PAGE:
Having the help of two IWU interns will progress Herrington’s business “two to three times faster” than without them, she said.

“I’m just blown away by the caliber of the interns,” Herrington said. “I think they’re going to bring a ton of things to the table.”

Brown addressed possible concerns in collaborating with startups, since there is no guarantee whether or not the business will survive.

Internship Coordinator Tiffany Snyder said the Career Development Office “processes” employer applications, looking for “meaningful projects for interns and high potential for full-time hire following the internship period.”

This evaluation process also ensures the legitimacy of the startup. Career Development also coaches interns on how they should and should not be treated as an employee.

Overall, Brown said this grant allows the Center to reach students “more than we might have in the past.” They’re learning earlier the importance of building a resume, networking and personal branding.

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Photo by Hannah Whelchel

By the end of the internship, Herrington hopes her students walk away with something more than new business skills.

“I really want them to know that they don’t have to chuck their faith out the door after they walk out of their commencement ceremony,” she said. “Everything is a ministry. … I hope that our students walk away and see that.”

The next internship application process begins Oct. 1 for students.

Other projects the “Accelerate Indiana” grant funds include:

-Three new staff members in the Center for Life Calling — graduate Tiffany Snyder, internship coordinator; Jordan Delks, employer relations coordinator; and an unfilled co-curricular coordinator.

-“Experience Indiana,” a four-day event in March celebrating different Indiana experiences. A job fair for students will be held on the final day, March 19.

-Classes for entrepreneurs

-$30,000 per year in field trip money, for which faculty members can apply. Nine faculty members have received it already.

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IWU’s musicians bring back Marion tradition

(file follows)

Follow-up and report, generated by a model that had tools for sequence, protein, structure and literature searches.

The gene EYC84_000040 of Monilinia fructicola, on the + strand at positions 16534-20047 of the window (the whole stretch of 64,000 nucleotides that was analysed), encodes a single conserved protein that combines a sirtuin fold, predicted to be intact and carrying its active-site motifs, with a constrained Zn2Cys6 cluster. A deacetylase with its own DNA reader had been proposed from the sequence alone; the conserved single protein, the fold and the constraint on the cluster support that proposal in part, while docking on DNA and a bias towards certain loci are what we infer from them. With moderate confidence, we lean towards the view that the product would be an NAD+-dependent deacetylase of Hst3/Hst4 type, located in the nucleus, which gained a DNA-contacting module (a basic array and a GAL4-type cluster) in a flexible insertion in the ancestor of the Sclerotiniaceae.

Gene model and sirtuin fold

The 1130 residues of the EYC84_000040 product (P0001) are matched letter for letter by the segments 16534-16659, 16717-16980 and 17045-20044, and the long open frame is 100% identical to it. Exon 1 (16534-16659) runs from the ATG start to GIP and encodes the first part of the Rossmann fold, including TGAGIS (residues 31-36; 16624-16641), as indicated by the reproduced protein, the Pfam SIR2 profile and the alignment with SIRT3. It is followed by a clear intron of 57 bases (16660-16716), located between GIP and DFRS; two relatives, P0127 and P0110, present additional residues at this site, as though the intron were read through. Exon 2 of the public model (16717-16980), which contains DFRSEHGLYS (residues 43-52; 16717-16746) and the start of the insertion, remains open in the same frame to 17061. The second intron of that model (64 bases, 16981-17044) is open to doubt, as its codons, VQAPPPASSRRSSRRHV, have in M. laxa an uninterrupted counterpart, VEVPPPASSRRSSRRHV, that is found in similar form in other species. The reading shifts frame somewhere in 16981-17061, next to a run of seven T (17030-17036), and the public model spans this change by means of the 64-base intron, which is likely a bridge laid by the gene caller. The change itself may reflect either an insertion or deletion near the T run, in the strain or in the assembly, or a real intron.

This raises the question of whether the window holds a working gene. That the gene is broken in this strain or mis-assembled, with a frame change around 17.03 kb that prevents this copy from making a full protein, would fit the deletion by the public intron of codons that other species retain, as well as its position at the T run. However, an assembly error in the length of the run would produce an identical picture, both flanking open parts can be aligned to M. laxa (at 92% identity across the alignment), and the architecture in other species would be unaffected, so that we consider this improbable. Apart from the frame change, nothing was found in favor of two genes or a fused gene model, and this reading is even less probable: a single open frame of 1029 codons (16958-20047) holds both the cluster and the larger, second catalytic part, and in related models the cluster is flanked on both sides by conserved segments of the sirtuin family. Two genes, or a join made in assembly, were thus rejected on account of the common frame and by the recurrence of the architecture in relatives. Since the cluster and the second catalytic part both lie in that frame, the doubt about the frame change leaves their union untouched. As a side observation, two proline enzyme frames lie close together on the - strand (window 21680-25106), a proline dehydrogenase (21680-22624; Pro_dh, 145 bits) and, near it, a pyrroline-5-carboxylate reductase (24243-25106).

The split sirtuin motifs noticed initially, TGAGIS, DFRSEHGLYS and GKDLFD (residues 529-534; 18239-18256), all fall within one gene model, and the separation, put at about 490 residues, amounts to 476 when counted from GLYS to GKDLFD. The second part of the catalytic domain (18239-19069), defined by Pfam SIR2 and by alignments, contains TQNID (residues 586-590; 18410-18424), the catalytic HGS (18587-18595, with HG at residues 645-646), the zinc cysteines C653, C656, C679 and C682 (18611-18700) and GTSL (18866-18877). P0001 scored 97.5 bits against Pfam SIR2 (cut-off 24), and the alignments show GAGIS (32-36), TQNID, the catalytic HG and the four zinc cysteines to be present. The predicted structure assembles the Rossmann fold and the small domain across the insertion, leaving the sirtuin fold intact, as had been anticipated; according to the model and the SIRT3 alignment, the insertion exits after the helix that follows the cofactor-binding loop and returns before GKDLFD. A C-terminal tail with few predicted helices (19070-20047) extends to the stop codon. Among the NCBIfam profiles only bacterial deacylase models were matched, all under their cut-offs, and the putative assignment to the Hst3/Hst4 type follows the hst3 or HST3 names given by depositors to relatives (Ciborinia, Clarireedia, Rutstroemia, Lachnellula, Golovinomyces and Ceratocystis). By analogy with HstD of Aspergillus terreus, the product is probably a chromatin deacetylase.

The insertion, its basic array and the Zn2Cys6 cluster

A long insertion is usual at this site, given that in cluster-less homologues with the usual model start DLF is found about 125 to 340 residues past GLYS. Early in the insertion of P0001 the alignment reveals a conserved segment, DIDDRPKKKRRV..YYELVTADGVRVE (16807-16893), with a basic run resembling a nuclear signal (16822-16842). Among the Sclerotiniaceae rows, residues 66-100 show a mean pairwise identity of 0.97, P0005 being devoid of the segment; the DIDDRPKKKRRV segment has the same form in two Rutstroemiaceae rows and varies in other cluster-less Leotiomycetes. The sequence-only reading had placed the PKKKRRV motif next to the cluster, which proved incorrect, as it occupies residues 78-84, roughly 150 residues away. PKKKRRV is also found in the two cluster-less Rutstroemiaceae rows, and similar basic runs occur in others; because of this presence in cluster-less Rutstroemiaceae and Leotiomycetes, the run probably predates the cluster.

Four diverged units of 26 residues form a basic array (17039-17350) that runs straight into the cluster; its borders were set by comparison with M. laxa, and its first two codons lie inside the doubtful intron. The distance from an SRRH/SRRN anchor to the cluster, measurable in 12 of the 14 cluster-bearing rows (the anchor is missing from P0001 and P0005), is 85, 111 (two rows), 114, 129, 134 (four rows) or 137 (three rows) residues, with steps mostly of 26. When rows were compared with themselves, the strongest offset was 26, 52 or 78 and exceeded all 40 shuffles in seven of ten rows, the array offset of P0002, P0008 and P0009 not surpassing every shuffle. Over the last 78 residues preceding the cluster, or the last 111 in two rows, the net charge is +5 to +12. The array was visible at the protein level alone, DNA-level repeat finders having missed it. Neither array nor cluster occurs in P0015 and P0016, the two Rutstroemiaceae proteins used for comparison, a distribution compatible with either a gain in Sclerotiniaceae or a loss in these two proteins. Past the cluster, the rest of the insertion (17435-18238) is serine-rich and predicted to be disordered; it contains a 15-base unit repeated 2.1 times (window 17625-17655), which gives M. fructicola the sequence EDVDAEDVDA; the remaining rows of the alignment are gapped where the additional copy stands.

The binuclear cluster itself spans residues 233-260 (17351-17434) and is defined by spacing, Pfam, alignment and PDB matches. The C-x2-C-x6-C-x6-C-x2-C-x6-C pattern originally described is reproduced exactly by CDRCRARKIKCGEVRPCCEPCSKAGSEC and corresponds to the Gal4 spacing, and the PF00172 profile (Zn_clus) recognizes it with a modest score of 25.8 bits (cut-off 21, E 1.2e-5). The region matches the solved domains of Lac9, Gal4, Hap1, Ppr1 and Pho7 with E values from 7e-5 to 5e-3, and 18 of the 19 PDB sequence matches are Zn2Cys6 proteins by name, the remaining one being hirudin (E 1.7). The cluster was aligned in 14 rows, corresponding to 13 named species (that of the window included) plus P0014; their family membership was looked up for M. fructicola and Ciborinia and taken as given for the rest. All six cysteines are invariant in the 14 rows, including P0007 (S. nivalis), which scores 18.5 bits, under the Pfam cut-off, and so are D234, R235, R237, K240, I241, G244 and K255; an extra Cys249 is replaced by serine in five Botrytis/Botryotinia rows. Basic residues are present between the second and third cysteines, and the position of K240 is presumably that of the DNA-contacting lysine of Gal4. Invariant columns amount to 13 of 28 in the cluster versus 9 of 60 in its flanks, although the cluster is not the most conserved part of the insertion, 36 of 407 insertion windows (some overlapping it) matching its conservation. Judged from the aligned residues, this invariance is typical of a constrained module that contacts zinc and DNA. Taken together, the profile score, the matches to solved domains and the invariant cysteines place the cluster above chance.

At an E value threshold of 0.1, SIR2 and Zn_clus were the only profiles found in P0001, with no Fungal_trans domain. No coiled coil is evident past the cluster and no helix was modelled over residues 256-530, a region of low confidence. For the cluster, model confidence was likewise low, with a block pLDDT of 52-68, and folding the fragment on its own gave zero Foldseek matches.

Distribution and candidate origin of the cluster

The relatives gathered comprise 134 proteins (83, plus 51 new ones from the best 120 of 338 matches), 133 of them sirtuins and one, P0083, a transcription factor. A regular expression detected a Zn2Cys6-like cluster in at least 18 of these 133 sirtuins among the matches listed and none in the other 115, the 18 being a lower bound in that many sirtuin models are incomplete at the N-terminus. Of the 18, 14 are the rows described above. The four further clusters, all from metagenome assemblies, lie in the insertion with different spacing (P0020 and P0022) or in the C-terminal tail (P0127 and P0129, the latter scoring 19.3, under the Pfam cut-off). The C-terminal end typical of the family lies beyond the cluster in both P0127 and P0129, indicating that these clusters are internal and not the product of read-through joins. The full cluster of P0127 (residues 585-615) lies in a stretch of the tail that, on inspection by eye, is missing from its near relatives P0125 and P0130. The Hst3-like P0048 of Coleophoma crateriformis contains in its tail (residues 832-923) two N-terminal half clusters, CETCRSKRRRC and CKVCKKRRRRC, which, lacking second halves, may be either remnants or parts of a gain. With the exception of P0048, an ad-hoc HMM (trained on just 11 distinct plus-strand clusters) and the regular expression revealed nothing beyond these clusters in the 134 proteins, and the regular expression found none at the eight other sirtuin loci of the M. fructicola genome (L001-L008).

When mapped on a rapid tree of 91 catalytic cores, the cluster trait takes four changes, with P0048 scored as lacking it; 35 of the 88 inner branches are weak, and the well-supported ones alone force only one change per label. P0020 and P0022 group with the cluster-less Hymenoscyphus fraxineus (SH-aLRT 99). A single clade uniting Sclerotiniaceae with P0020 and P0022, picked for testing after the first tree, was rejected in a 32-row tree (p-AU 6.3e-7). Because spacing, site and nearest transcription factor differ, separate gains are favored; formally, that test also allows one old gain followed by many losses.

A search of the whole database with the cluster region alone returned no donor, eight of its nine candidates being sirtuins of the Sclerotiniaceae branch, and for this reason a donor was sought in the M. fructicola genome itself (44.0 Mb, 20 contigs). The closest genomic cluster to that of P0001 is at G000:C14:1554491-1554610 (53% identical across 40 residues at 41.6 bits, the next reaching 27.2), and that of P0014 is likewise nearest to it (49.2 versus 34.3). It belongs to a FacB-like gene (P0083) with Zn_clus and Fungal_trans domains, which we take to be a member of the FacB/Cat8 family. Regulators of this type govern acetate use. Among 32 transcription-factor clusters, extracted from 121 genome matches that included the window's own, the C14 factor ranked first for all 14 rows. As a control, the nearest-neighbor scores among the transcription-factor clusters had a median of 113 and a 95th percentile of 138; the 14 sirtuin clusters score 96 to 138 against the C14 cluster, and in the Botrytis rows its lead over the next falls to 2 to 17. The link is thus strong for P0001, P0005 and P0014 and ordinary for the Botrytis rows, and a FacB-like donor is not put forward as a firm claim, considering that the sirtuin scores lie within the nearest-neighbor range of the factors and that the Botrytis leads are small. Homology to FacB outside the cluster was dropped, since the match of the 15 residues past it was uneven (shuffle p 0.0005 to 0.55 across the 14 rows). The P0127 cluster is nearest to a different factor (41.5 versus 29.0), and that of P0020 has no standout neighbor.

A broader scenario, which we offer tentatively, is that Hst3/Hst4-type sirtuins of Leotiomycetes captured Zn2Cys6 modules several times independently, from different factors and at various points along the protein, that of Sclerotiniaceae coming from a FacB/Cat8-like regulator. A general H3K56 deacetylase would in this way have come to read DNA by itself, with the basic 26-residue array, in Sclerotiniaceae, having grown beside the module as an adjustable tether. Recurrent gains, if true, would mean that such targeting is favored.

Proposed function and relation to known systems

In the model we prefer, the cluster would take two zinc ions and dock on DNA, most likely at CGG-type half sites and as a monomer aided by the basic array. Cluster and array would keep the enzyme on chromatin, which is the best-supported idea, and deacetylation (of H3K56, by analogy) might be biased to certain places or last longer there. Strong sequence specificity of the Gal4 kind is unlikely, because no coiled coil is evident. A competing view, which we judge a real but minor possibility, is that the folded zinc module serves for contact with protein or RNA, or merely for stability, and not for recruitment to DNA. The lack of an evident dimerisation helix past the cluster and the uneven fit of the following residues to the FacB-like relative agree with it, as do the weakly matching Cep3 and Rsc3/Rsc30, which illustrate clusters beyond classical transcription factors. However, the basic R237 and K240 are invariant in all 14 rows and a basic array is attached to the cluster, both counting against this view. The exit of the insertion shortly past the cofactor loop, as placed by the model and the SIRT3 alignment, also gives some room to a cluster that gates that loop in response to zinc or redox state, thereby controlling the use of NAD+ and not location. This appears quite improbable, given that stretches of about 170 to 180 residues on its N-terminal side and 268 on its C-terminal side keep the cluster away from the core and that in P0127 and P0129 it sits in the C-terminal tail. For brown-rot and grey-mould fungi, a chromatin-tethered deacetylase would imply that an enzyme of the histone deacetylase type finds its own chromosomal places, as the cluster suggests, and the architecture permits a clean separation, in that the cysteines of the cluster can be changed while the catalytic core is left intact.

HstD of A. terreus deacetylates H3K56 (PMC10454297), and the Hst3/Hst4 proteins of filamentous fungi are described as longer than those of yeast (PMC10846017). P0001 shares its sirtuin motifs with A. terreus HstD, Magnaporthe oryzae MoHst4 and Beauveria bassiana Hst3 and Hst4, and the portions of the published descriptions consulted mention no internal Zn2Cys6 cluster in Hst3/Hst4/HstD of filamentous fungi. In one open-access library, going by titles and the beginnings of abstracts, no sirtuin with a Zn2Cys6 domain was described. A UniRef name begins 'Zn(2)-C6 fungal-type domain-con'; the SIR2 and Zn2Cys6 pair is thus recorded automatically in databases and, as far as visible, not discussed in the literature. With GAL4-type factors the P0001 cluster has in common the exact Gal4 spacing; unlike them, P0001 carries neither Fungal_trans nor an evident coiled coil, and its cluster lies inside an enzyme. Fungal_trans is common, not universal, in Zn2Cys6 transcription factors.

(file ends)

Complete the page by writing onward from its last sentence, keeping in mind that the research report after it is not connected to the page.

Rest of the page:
IMG_2691As finals week approaches, most students are studying and thinking about summer break, but not music students. Since back from spring break, Indiana Wesleyan University’s Chorale, university signers, band, orchestra and members of the women’s chorus are joining the Marion community and performing in an Easter Pageant to celebrate the holiday.

The Marion Easter Pageant has been a Grant County tradition put on by local musicians since 1937 at the Marion Coliseum. According to Dr. Todd Guy, director of IWU’s chorale, its prime was in the 1940’s and 1950’s but the tradition stopped in 2003 when the Coliseum was remodeled into what is now the YMCA.

Along with the music, there will be actors interpreting what the choirs are singing.

“It is about Christ’s time during the Passion week,” Guy said. “There are people acting it out while the choirs are depicting what is happening.”

Guy said there are 25 pieces the choirs, band and actors are performing and are introducing 12 new pieces this year.

“The music has always changed, but it has not changed much in the 15 years,” Guy said. “We are trying to contextualize in the modern day culture so this generation will recognize some of the songs.”

Chorale member Jenna Truty (sr) participated in the pageant when it came back two years ago after the nine-year break. She said she thinks this will get viewers to look at the death and resurrection of Christ in a whole new light.